by Mirra Price
I just went to see “Bombshell” with Charlize Theron as Megyn Kelly and Nicole Kidman as Gretchen Carlson. It was powerful to see how these women brought down serial sexual harasser, Roger Ailes of the Fox News Network.
What struck me the most was the silence of dozens of women who had been subjected to this sordid harassment for years. When Gretchen Carlson first filed her lawsuit against Ailes, she could get no women to support her story and to tell their own stories. Ailes made a concerted campaign to turn Fox staff members against Gretchen, and to plant spies to find out who might be talking about Ailes’ untoward treatment of them.
Enter Megyn Kelly, who was trying to balance keeping her prestigious position as a Fox News Anchor with joining Carlson’s lawsuit. Finally, after some months passed, during which time Kelly was attacked by Presidential hopeful, Donald Trump, for her searing questioning during the Republican debates, Kelly began to come down off the fence. She became the 23rd woman to join the lawsuit against Ailes, which ultimately led to Ailes’ firing from Fox News. A big victory for women! One of the first such victories in this #MeToo Era.
What I started wondering about is why women today in many situations, have little loyalty and feelings of camaraderie with other women. In “Why Women (Sometimes) Don’t Help Other Women” in the June 23, 2016 issue of The Atlantic, Marianne Cooper conjectures that when women are not supportive of other women in the workplace, it’s often a response to sexism by the distancing of themselves from other women. In this way, they will be seen as someone who is toeing the line, and not identifying with women who have lesser status, and therefore, keeping their own tenuous, special high status positions. (https://www.theatlantic.com/business/archive/2016/06/queen-bee/488144/) Thus, instead of helping other women to climb the ladder of success, successful women may sometimes, buy into the gender discrimination that keeps women down.
I find this concept illuminating, though troubling. I’m from the old school Sisterhood is Powerful (Robin Morgan’s 1970s women’s liberation book) building community with women framework. In all the organizations to which I belong, I work to connect with other women and support them as they usually do with me. I sing in a community chorus, Womansong of Asheville, in which we not only give concerts, we also consider ourselves a village. I organize events for women, sing for equality, march, and write for our empowerment in a world dominated by good old boys still.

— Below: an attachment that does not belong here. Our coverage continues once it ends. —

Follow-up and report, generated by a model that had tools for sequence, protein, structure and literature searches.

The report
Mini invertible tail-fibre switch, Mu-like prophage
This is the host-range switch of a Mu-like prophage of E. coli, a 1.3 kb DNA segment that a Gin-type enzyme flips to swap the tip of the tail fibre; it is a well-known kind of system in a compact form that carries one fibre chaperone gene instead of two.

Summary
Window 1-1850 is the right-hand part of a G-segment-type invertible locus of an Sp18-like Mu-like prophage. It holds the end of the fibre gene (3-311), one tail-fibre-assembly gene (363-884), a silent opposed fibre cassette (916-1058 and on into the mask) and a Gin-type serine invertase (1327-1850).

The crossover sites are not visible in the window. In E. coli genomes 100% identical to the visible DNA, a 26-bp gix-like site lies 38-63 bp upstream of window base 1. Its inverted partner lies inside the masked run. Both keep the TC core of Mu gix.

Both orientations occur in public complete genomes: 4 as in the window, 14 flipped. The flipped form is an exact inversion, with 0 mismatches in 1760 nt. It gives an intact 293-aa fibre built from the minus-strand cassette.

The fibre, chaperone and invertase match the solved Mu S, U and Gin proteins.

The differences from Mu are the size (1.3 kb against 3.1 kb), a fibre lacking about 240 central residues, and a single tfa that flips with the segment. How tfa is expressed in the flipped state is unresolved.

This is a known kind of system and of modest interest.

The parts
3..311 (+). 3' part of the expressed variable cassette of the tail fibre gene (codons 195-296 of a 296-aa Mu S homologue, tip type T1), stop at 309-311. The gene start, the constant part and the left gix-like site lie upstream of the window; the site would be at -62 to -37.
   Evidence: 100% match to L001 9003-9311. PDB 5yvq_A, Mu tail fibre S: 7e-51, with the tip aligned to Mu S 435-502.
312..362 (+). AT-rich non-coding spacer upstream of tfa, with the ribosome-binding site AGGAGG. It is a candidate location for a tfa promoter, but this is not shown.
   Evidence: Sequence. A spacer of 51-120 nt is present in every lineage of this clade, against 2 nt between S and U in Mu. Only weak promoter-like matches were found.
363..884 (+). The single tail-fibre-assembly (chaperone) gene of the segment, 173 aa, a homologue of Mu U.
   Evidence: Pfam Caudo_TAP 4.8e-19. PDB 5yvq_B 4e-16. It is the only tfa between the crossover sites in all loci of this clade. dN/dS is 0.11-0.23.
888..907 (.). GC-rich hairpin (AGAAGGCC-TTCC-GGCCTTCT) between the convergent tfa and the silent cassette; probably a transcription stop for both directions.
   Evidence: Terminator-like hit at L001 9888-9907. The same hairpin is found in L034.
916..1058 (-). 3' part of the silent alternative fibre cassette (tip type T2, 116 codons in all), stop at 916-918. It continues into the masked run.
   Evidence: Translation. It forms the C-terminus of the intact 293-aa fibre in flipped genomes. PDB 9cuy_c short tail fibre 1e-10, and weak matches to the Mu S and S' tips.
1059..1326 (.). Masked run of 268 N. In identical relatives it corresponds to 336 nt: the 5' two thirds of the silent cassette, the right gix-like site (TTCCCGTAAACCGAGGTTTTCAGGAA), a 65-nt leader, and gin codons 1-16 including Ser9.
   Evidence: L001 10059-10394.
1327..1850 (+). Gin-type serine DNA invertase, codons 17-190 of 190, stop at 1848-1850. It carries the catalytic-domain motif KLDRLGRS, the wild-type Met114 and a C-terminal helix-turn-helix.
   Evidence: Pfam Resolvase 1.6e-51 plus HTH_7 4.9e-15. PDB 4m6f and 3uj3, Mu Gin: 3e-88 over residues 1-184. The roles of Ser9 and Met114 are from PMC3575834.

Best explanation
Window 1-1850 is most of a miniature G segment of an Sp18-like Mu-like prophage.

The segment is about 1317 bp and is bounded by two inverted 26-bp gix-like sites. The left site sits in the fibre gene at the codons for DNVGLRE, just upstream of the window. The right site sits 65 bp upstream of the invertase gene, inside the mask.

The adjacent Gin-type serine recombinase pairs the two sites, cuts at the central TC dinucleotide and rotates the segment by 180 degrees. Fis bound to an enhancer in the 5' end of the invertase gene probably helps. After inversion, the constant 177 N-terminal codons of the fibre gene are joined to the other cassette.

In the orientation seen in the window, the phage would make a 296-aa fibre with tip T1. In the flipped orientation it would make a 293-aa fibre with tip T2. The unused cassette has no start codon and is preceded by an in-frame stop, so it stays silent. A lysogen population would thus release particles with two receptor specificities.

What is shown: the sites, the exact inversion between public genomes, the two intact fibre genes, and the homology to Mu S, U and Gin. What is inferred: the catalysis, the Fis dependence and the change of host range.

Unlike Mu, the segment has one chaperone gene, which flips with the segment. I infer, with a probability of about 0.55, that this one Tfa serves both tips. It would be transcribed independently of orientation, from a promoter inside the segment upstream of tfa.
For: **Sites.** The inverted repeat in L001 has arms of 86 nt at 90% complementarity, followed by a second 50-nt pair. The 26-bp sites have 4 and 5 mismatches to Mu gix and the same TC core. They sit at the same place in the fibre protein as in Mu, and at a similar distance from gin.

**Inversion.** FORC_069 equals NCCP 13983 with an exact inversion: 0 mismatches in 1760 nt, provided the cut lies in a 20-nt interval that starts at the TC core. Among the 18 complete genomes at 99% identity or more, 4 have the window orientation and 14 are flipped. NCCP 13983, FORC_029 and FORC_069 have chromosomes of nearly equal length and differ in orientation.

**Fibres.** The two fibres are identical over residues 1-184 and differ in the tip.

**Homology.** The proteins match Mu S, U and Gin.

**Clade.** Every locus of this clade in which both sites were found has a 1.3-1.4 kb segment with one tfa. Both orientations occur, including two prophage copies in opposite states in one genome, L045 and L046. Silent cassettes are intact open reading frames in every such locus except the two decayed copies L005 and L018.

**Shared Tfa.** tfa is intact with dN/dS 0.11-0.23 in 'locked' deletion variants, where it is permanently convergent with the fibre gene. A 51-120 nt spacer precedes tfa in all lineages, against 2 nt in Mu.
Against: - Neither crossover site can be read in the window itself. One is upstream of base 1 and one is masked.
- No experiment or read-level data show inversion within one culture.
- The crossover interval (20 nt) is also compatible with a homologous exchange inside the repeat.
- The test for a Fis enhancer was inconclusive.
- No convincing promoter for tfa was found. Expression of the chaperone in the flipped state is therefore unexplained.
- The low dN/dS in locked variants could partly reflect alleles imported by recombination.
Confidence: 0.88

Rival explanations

In the 1980s I worked for a greeting card company. One of the other employees started telling off color jokes, which I felt were demeaning to women. Then he started coming over to my work station and touching me. I told him to stop, but he continued this harassment. He treated several other women at this company in this same manner. When I spoke to some of these women, most of them thought he was cute, and said they weren’t bothered by his unsolicited, inappropriate touching them.
I complained to management, and was fired the next day. They did not want to deal with it. It was easier to fire me, apparently. I ended up filing a sexual harassment lawsuit against this company. I filed with the EEOC and the NLRB and was represented by the Indiana University Women’s Affairs attorney. The company owner offered to settle with me for $7000, so management must have realized that this harassment was actually happening. Now I wish I had taken the settlement. Instead I continued with the lawsuit. The National Labor Relations Board could not get enough evidence as the women who had seen this harassment, and who had been harassed themselves refused to testify. The Equal Opportunities Commission did not take up the case because of a several years’ backlog of cases.
Later I talked to one of these women who didn’t testify in my case, which turned my case into a “she said, he said” case, which I did not win. She acknowledged the harassment, but she didn’t want to stick her neck out. She feared that she, too might be fired. We didn’t have a union in this plant. I think the other women who were harassed probably had the same resistance.
Besides overt job discrimination, lack of paid maternity leave, and harassment, there is a huge gender pay gap. Currently, there is a gender wage disparity with white women making 79% of white male salaries; African-American women 62%, and Hispanic women 54% of white male salaries (https://iwpr.org/publications/annual-gender-wage-gap-2018/. )
In the Atlantic article I mentioned earlier, Cooper calls this lack of camaraderie among women,“The Queen Bee Syndrome.” Because of years of subordination, women who have achieved some success, sometimes feel that in order to keep their positions, it is wise to align with the men at the top in organizations rather than other women, whom they could be helping to rise in their positions. Women sometimes feel a keen sense of competition with other women for a few management positions. It is possible that some women don’t want to support others who may be vying for the same positions in the company. positions that are hard won for women, and in which men are more represented.
What does it take to encourage women to support one another? Many have spoken out with the advent of the #MeToo movement, and several high profile serial abusers have been fired, and some have been put into prison. How can we make work places safe enough for women so we will report harassment, and will support other women who report it?
What is the solution to this knotty problem? All I know to do is to continue to try to build a community of women, maybe more locally this time. It seems easier when there is face-to-face communication. I will work to improve communications, and to make sure that I am open and honest in all my interactions. Join me, sisters. Our unity is our strength.